Dismantling Medicaid Would Harm New Jersey’s Women

The health bill passed by the House, in particular its proposal to cap and cut Medicaid and end the program’s expansion, would have devastating consequences for the nearly 1 million women in New Jersey who rely on the program, according to a new report from the Washington, DC-based Center on Budget and Policy Priorities.

Women would bear an outsized share of the burden of these cuts because they not only make up a majority (54 percent) of Garden State Medicaid beneficiaries, but are also the primary users of family planning and maternity benefits and are much more likely to use Medicaid’s long-term services.

With the debate over health care shifting to the Senate, Senators Booker and Menendez can prevent these harmful cuts and other changes from ultimately becoming law.

“The Senate must protect New Jersey women – and all New Jerseyans – by rejecting any bill that causes people to lose coverage, caps or cuts Medicaid, ends the Medicaid expansion or takes away critical protections,” said Jon Whiten, Vice President of New Jersey Policy Perspective. “Failing to meet any of these standards would hurt New Jersey women and families.”

The House-passed bill, which President Trump supports, would slash more than $800 billion from Medicaid over ten years by effectively eliminating the Affordable Care Act’s (ACA) expansion of Medicaid to low-income adults and imposing a “per capita cap” on the program. The per capita cap would break the federal government’s decades-long guarantee to pay a fixed share of states’ Medicaid costs.

These cuts would put at risk the critical support Medicaid gives to women throughout their lives:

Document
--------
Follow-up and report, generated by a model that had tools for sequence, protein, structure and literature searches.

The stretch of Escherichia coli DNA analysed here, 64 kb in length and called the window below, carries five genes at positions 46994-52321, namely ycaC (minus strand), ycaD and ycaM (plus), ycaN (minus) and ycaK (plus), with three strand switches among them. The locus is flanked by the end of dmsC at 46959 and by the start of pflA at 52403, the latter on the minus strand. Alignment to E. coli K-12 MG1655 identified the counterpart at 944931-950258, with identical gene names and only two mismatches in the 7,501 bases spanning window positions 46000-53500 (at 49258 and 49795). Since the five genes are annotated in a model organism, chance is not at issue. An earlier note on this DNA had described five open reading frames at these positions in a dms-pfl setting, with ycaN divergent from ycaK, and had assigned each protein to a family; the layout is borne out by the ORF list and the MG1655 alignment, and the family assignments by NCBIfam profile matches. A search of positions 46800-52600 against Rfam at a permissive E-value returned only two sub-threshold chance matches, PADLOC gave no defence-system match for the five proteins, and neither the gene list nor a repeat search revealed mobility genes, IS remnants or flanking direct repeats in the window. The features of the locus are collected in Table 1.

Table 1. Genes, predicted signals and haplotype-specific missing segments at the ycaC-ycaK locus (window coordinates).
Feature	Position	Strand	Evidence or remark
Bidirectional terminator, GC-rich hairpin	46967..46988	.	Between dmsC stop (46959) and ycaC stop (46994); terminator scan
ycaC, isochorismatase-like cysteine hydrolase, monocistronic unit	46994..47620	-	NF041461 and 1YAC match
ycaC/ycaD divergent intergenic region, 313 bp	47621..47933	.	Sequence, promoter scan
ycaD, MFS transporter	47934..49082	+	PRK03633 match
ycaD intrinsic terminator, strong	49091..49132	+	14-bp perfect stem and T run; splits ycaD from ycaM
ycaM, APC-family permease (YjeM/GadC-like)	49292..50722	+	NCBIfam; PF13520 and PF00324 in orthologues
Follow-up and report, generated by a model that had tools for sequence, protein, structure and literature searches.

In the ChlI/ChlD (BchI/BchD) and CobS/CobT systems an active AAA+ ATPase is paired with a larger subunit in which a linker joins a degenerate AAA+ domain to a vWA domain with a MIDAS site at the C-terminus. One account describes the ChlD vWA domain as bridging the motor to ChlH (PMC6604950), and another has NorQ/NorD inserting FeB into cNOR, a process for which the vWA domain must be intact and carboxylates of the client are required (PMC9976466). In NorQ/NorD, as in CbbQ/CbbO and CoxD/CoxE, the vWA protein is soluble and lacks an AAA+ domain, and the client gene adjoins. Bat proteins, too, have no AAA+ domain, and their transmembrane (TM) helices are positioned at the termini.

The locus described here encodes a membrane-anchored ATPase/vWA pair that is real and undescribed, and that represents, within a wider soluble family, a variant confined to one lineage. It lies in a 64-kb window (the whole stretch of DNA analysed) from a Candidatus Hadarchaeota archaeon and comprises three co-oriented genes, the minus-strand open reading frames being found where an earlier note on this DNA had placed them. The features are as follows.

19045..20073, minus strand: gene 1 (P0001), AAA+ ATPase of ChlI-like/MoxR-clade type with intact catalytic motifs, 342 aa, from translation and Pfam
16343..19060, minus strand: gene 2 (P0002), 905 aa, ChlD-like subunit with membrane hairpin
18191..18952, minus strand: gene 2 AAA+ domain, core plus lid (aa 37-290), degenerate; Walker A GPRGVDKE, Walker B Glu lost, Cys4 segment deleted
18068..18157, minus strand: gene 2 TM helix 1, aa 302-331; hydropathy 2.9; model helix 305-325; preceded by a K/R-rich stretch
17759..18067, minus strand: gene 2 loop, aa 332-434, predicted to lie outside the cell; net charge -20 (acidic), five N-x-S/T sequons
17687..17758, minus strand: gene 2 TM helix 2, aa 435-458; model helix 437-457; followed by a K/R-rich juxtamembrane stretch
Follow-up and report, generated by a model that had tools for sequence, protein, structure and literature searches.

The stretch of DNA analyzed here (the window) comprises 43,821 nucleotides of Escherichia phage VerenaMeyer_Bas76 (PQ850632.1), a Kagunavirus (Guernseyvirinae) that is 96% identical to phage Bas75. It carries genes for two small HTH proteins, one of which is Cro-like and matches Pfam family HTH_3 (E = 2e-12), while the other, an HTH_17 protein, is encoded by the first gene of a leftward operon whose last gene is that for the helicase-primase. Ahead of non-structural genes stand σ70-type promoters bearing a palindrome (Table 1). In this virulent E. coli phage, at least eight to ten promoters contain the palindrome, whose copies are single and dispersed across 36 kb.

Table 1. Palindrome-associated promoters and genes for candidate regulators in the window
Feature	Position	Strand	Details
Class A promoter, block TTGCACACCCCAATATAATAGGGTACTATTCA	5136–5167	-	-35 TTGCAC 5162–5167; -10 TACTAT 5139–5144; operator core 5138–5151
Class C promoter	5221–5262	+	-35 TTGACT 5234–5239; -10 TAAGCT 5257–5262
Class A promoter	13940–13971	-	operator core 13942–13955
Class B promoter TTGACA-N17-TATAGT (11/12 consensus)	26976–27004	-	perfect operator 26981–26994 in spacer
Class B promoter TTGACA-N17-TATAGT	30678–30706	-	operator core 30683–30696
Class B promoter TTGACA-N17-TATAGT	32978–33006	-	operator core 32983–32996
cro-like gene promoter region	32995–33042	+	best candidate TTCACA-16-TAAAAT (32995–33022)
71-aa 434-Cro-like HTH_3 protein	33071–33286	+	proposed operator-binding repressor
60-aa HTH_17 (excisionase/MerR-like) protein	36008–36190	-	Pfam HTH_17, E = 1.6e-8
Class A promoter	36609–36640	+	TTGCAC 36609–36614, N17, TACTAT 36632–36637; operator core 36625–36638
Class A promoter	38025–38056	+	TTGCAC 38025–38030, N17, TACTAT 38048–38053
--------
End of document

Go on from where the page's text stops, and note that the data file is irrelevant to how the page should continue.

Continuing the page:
• Nearly all women use some form of family planning during their reproductive years, and Medicaid finances 75 percent of all publicly-funded family planning services. The House-passed bill also specifically targets access to women’s health care services by barring states from reimbursing Planned Parenthood for its preventive health and family planning services for women and men enrolled in Medicaid.
  • Medicaid provides health care for nearly half of all pregnant women, supporting them through their pregnancies and ensuring that their babies have a healthy start. In fact, Medicaid financed 28 percent of births in New Jersey in 2010.
  • Because women live longer than men, women are much more likely to use Medicaid’s long-term services and supports as they age. The program also plays an especially critical role for older women of color who are also enrolled in Medicare, covering nearly 40% of Latina and African American women over 65.

“Medicaid plays a vital role in helping meet the unique health care needs of women, who are the primary users of family planning and maternity care and more likely to use long-term services. Under the House bill, many low-income women would struggle to afford the services they and their families need,” said Ray Castro, Director of Health Policy at New Jersey Policy Perspective. “Our Senators need to protect Medicaid – not cut it.”

The House-passed bill also includes several provisions that are especially harmful to women with private insurance. For example, it would allow states to opt out of the ACA’s Essential Health Benefits (EHB) standard, effectively allowing insurers to charge women much more than men by leaving many women without affordable access – or any access – to maternity coverage. It also would give states the option of allowing insurers to charge far higher premiums to people who are pregnant, have had a c-section, or were treated for injuries resulting from domestic violence.

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